December 1999 // Volume 37 // Number 6 // Ideas at Work // 6IAW1

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How to Evaluate a Conference Informally with "Listening Posts"

Extension agents often ask, "Isn't there an informal but somewhat structured way to get feedback at a conference or workshop without using a survey?" This article describes the use of 'Listening Posts' and the author gives a number of practical tips for putting this qualitative strategy to use. Benefits include: quality feedback, high participation and enthusiastic support from conferees and the chance to build program ownership among conference workers. Deficits: could exclude very shy persons or result in information most salient to participants.

Nancy Ellen Kiernan
Program Evaluation Specialist
College of Agricultural Sciences
Pennsylvania State University
University Park, Pennsylvania
Internet address:

Extension staff often ask, "Isn't there an informal yet structured way to get feedback at a conference without using a survey?" One technique is to create "Listening Posts," a selected group of conference participants who agree to post themselves in the corridors and break rooms at a conference to record on a clipboard what the other participants tell them about the conference as it unfolds.

In the conference's introduction, the chair discusses the evaluation and 1-2 questions related to the conference goals, for example: "We want to know two things: What did you think of the idea of bringing Extension and research together at this conference? What is one idea or suggestion that you found useful for your professional work? Then, tell us anything else about the conference you feel is important for us to know. We asked 12 registered participants to circulate in the halls outside the meeting rooms and record your ideas. These Listening Posts have a blue badge and clipboard. You can't miss them.

"We asked participants, people like yourself, instead of the conference planners, to be the Listening Posts so you'll have no reluctance in talking about your experience at the conference. After you give your ideas to a Listening Post, you receive a sticker with 'Someone Listened to Me' printed on it. Put the sticker on your conference badge to show others you have contributed to the evaluation. The sticker will remind others to participate. After the conference, the feedback will be summarized for planning future programs."

Scientific Benefits of the Listening Post Technique

Array of Participants

Listening Posts insure feedback from many participants and especially from participants who tend to leave early, don't like surveys, and have low reading skill or language problems.

Quality Data

Typically, at the end of a conference when evaluations are often circulated, participants' minds are numb, making it hard to remember one session from another, never mind what was learned. Giving participants a chance to talk to Listening Posts throughout the conference enhances the validity of data.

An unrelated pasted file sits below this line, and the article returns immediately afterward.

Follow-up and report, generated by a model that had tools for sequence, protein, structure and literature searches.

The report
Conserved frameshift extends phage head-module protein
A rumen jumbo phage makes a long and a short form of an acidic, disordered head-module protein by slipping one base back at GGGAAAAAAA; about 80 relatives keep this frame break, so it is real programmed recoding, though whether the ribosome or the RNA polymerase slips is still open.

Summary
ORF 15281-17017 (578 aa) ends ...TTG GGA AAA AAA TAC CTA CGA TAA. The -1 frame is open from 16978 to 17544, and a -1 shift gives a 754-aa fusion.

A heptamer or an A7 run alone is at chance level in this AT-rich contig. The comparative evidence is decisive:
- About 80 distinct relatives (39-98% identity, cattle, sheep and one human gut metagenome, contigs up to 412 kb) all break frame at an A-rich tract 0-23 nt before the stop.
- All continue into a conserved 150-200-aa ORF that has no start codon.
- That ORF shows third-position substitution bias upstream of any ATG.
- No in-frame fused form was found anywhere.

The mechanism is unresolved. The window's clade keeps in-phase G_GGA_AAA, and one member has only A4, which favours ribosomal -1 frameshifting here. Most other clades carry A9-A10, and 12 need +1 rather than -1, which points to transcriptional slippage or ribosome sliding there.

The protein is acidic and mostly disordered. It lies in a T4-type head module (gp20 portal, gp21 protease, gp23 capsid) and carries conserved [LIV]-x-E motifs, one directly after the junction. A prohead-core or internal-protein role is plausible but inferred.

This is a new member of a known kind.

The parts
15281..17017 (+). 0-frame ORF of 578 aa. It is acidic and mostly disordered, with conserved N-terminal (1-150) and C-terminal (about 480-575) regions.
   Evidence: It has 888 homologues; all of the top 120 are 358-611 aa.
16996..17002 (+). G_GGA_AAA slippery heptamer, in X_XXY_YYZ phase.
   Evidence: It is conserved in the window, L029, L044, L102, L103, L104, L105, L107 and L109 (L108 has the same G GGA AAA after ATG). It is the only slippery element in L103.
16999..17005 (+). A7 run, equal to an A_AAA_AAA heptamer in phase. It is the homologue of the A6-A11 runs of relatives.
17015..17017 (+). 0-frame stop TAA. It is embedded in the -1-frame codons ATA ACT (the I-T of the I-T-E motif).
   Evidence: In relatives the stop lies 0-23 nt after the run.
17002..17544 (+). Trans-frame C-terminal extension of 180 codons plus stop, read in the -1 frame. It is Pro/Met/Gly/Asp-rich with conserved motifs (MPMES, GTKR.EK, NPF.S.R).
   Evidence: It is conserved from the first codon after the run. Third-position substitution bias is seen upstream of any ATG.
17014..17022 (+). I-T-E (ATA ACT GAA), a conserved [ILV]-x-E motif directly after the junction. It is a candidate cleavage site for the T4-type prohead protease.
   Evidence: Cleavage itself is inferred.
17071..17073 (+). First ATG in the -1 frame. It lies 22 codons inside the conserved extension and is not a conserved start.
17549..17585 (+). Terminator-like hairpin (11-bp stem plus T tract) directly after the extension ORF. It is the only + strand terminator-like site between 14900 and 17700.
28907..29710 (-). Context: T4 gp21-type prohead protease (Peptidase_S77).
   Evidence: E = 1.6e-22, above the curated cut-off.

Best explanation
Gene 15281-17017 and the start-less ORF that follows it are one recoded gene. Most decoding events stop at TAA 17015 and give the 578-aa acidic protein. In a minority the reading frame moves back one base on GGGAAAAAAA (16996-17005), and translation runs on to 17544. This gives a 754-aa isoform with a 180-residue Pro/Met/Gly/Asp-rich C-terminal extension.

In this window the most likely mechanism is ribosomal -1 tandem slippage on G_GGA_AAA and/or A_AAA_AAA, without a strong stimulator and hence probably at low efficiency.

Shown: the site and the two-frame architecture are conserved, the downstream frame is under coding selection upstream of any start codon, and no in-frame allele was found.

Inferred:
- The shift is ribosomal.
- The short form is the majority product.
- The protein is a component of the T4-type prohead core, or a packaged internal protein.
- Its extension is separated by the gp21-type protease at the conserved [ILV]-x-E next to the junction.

Oriented to the Client's Perspective

Listening Posts provide conference planners with rich, qualitative insights about all aspects of the conference. They learn what's important to the participants.

Program Ownership

You can build ownership in the program by selecting leaders or important people from your target audience to be Listening Posts. Their participation should increase their interest and concern in the long-term success of the program.

User Friendly

This evaluation strategy puts little response burden on participants. Indeed it can be fun for both participants and Listening Posts. Experience shows in one state that the strategy gets repeated at other conferences due to popular demand.

Scientific Limitations of the Technique

Shy Persons

Participants who are extremely reluctant to talk may not contribute. Work to overcome this possibility in the opening conference remarks by mentioning the need for everyone to contribute their positive and negative feelings at least once.

Selected Information

Participants will reveal some things they learned or found confusing, but obviously they can't discuss everything. Participants will tend to comment on what is most salient to them.

How is this Technique Different from what Extension Agents do all the Time -- listen for Participants' Reactions?

First, because participants in this technique are invited to contribute, the percentage of participants who give their reactions will be far greater than those who would normally react in an ad hoc fashion. Research has shown that many people participate if asked, but are reluctant otherwise.

Second, participants will feel more free to comment because someone other than a planning committee member is recording their reactions. Participants are often reluctant to give criticism directly to people on a planning committee.

Tips for Putting the Listening Post Technique to Use

Have a program committee decide on a schedule for the Listening Posts, who to ask to volunteer, and where to meet at the conference. Training is then done to ensure reliability within and across volunteers regarding two points: (a) Listening Posts are true to their name; they listen, record participants' views but never react to what they hear and (b) except to repeat the broad questions outlined in the conference introduction if requested, Listening Posts do not ask questions.

Have the committee call the Listening Posts in plenty of time and send them a conference agenda so they can review ahead of time, when and where they will circulate at the Conference.